There are a number of good blog posts giving instructions about how to set this up, including a nice one on Fabian Williams’ (@fabianwilliams) blog How To: Create, Configure, Consume SharePoint 2010 Secure Store in Business Connectivity Services. However, they are all a bit too cookie-cutter and “techie” to be useful, in my opinion. None of them talk about what can go wrong and why, which always ends up sending you down rat holes.

Once you have the Secure Store Service set up (I’m not running through the steps here; see Fabian’s post and quite a few others), setting up the connection in SharePoint Designer is seemingly straightforward. You simply provide the Database Server, Database Name and which Secure Store Application ID (called the Target Application ID in Central Administration, natch) you want to use.

image

No matter how we set things up in the Secure Store Service, when we tried to connect to the SQL Server Database in SharePoint Designer, we got the error “Cannot logon with credentials obtained from Secure Store Provider.”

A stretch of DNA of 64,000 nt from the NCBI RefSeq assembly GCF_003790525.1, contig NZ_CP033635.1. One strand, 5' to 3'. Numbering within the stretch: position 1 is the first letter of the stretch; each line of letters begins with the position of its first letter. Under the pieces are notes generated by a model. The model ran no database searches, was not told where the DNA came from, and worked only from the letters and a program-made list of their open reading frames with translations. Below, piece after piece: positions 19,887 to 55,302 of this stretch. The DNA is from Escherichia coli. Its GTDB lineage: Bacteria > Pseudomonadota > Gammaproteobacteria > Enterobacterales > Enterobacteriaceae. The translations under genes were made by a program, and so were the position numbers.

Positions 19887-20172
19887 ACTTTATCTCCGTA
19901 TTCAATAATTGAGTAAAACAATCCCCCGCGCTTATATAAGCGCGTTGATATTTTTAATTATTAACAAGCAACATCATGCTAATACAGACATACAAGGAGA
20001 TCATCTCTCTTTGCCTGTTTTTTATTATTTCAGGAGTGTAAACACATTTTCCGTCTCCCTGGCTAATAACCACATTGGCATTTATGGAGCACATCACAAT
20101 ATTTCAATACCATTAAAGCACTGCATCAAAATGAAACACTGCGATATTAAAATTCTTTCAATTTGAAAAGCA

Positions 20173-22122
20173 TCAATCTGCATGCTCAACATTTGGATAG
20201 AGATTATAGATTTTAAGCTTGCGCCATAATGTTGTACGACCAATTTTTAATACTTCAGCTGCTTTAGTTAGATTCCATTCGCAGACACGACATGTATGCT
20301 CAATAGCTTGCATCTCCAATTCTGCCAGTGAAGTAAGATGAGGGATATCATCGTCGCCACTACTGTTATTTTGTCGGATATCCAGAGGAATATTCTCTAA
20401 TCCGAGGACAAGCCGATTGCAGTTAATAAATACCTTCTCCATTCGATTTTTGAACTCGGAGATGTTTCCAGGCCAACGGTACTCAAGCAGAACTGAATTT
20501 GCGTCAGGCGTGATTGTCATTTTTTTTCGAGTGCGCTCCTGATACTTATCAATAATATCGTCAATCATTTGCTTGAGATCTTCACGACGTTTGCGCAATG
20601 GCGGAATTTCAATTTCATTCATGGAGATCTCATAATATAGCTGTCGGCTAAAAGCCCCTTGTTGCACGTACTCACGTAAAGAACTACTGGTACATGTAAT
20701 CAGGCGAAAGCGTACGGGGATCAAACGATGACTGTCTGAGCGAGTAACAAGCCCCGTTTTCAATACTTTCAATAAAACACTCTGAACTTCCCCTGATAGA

SNAGHTML4b86215

We found – in our environment, at least – that a domain account wouldn’t work. Instead, we created a SQL Account with SQL authentication and things worked right away. See this useful post SharePoint 2010 using BCS with SQL Server database by Arjan Fraaij.

Following this post, we created two external lists for Partners and Projects in our SharePoint site and we thought we were done. Instead, we realized that our admin account was the only user who could see the External List content. All other users would get an error that read more or less as “Access Denied by Business Data Connectivity. Correlation ID: …”. After some trial and error, we solved the problem by following a few additional steps: